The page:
The ZEMU uses a combination of hydrogen fuel cells and batteries for propulsion. Electrical power is created by combining hydrogen with oxygen in on-board fuel cells. The reaction between hydrogen and oxygen produces purified water and heat. When the ZEMU operates, it emits only water vapor, meaning cleaner air and less global warming. When the hydrogen itself is produced by green methods, the total system can achieve zero carbon emissions.
The ZEMU consists of two cars with a power module in between that holds the hydrogen tanks and fuel cells that generate electricity for the traction motors. The trainset has seating space for 108 passengers in addition to generous standing room, and can transport passengers with a maximum speed of up to 79 mph. It is expected to start operation as part of the Arrow service between San Bernardino and Redlands, Calif. in 2024.
ZEMU Testing at TTC
The first ZEMU train arrived in the U.S. in September and is being tested at the DOT Transportation Technology Center (TTC) in Pueblo, Colo. ZEMU tests are conducted by Stadler’s test engineers supported by ENSCO TTC personnel. The testing program consists of two phases. The first phase, taking place now, includes static lean, wheel load equalization and battery charging capacity tests.
The second phase consists of dynamic on-track tests required for train acceptance, including acceleration and deceleration, maximum speed, brake performance, EMI radiation, PTC and train radio, ride quality and other tests. The second phase will also include a set of tests specific for hydrogen powered propulsion, including verification of vehicle range, fuel consumption, propulsion performance, refueling operations and zero emissions verification.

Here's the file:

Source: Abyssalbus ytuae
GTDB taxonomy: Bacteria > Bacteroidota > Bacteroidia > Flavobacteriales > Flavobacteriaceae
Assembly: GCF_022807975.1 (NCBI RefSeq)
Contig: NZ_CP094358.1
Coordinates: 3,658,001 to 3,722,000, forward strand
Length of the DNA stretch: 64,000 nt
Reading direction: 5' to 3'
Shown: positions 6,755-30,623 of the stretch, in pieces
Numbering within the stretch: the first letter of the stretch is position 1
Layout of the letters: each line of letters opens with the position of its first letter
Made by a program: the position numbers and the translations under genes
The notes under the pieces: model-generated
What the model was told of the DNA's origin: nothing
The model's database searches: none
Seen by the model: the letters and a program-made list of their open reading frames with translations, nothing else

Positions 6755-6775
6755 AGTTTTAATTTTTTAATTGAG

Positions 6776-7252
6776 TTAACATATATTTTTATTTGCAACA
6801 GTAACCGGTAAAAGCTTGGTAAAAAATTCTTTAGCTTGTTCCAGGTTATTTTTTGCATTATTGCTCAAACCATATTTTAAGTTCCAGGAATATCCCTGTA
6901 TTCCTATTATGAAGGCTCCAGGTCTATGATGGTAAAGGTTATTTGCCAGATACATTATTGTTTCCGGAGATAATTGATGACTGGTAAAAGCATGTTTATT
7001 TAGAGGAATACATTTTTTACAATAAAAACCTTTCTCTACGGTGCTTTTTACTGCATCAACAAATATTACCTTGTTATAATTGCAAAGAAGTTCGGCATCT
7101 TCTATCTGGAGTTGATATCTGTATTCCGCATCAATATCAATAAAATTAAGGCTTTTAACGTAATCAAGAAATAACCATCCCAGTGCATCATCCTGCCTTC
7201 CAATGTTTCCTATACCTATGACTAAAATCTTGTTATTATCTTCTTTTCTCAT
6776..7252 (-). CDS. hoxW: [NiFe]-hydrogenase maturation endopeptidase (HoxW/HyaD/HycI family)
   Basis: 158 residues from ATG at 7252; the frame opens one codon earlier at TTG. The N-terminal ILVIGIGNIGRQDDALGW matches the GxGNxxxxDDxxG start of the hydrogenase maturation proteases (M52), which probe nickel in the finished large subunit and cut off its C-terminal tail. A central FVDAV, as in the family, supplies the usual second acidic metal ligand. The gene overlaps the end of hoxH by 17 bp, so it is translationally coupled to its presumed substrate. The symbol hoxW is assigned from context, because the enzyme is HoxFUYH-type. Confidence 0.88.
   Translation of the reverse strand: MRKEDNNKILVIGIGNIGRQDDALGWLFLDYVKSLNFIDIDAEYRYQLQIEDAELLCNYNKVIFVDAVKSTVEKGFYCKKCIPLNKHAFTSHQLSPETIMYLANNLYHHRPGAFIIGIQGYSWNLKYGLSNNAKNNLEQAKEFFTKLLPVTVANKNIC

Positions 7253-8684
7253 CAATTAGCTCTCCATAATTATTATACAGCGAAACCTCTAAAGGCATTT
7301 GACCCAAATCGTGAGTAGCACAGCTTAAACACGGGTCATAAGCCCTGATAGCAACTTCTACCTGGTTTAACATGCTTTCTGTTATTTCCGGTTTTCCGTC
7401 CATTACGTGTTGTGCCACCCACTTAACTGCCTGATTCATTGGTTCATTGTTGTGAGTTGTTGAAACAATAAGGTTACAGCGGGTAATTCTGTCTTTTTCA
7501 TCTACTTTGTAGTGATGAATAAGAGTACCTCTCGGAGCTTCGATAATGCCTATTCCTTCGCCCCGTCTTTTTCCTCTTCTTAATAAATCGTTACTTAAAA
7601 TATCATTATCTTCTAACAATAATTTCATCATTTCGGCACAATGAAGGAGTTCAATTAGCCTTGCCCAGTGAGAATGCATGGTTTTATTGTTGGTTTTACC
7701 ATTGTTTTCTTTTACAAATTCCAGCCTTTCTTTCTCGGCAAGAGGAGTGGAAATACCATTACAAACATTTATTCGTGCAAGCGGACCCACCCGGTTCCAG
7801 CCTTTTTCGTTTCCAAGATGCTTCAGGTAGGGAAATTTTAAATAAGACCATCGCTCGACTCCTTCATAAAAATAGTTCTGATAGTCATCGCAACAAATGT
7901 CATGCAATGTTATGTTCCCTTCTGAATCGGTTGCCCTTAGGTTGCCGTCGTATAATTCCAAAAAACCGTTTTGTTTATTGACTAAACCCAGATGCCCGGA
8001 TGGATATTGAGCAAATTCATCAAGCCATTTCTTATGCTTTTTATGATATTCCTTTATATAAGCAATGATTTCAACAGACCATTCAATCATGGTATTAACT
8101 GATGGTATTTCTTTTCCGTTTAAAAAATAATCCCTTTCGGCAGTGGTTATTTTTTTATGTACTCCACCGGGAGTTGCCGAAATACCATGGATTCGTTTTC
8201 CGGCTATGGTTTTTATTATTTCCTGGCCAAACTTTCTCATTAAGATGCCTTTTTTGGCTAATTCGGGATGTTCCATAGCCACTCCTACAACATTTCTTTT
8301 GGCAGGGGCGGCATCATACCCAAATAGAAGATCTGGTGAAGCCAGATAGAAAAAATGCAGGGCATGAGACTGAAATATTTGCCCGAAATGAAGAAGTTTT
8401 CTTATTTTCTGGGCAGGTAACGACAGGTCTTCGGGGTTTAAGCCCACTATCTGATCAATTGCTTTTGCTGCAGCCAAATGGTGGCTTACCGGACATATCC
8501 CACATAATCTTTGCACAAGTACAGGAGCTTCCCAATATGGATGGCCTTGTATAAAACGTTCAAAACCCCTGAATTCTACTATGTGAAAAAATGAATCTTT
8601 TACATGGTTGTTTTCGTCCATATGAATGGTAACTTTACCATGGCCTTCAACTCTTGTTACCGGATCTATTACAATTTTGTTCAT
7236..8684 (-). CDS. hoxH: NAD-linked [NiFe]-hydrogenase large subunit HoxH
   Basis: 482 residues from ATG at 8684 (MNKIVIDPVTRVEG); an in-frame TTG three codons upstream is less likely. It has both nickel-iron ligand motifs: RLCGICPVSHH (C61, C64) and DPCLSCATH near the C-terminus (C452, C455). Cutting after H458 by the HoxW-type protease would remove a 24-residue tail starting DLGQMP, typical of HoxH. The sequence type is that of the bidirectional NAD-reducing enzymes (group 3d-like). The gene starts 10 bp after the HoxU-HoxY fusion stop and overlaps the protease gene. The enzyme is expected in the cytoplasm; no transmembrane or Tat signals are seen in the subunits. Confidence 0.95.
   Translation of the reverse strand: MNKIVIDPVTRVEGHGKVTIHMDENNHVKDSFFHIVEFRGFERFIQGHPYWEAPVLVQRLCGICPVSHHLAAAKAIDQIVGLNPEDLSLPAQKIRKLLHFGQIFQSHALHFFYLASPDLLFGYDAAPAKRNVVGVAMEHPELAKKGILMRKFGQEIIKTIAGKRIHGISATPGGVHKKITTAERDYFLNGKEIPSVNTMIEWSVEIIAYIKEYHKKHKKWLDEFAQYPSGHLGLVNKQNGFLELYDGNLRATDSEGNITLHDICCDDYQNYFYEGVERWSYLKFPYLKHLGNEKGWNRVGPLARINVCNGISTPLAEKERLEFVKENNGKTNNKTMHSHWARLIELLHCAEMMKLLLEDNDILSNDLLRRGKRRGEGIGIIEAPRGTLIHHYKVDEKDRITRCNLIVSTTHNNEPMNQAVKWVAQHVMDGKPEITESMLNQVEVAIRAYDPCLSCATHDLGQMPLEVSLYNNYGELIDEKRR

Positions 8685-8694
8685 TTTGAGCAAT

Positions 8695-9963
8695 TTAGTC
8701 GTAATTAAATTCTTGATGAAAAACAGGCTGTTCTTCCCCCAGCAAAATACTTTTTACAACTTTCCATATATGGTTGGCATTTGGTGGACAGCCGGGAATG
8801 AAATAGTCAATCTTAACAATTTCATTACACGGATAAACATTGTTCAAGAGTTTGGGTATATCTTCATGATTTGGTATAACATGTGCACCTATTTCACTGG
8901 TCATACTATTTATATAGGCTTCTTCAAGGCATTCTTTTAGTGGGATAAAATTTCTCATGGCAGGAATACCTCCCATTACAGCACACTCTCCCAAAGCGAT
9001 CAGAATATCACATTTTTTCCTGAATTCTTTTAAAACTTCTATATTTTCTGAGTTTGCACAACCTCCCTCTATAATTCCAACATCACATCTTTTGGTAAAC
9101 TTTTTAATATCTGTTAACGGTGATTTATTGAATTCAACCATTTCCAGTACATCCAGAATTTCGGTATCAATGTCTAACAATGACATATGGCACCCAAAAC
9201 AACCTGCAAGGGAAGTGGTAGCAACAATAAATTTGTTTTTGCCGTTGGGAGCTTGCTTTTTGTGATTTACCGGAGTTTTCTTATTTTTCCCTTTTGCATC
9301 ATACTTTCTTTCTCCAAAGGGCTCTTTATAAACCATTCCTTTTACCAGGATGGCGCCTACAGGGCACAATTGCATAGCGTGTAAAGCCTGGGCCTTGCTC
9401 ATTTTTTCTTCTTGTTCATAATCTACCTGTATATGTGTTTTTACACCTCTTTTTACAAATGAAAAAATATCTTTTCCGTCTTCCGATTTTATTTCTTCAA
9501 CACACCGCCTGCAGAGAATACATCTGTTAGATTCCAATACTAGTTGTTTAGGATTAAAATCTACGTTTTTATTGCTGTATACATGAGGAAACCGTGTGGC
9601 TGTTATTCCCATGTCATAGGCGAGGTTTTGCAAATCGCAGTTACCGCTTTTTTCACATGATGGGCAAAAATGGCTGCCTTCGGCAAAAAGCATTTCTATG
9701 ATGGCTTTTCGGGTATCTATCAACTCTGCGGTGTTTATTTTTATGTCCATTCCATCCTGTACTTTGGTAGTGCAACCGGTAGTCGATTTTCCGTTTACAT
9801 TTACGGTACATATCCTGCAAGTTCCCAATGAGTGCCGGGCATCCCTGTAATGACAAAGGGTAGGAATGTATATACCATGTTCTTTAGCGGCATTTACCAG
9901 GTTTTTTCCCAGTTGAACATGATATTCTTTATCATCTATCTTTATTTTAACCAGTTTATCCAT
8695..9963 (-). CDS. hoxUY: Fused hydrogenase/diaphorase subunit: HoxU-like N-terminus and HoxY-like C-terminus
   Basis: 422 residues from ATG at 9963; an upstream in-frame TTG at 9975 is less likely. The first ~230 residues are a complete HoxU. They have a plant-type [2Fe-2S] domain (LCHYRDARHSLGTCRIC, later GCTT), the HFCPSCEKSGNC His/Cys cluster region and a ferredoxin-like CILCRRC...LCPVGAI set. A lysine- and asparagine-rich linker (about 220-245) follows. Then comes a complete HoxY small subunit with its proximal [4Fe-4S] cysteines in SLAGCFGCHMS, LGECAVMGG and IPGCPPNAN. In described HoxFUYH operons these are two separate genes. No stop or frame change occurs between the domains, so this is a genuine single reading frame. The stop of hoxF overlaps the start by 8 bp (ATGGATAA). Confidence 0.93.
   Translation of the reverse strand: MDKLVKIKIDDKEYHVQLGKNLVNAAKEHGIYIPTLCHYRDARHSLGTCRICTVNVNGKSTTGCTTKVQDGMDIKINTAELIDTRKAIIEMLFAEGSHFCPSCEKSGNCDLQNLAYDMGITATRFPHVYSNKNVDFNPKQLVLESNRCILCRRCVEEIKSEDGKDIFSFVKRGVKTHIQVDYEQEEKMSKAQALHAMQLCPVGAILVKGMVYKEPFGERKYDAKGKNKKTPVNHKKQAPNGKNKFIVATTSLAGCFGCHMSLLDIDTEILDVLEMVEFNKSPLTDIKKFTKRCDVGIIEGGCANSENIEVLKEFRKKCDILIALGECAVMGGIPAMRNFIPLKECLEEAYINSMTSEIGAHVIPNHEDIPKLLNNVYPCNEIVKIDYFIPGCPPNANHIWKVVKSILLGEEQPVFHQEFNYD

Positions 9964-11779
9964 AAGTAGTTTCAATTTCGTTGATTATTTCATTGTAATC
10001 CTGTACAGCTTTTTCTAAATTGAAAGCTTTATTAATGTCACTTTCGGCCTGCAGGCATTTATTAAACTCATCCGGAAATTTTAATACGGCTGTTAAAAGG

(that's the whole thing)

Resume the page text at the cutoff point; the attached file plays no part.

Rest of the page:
Dynamic on-track tests of ZEMU will be conducted at TTC’s Transit Test Track (TTT) and/or the Railroad Test Track (RTT). The TTT is a 9.1-mile loop designed to simulate urban rail settings, including tight-turn curves. The RTT is a 13.5-mile loop for testing trains in a broad range of speeds up to 165 mph. Both tracks provide great flexibility in terms of train movements and allow Stadler and ENSCO test engineers to evaluate various operational scenarios.
TTC Support for Hydrogen Fueled Trains
Both Stadler and ENSCO have paid particular attention to proper fueling operation and fuel storage at TTC. ENSCO has established a roadmap with support of our partners that includes a short-term solution and a longer-term plan to establish a permanent hydrogen fueling station and to conduct hydrogen transportation research and testing at TTC.
The North American railway industry needs alternative green energy sources, such as hydrogen trains to meet increasing sustainability requirements. The TTC is proud to support the first U.S. hydrogen passenger train testing and is ready to support all future research and testing needs to enable a safe and sustainable transportation future.
Industry professionals got a first peek at the Stadler ZEMU at APTA EXPO in Orlando, Fla., where Stadler presented the vehicle for the first time in the U.S. Further, the Stadler ZEMU is scheduled to return to TTC by Nov. 7.
Be sure to check out the TTC First Annual Conference & Tour Nov. 7-8 to learn more about the TTC’s role to support future transportation. More information can be found at https://ttc-conference.com/.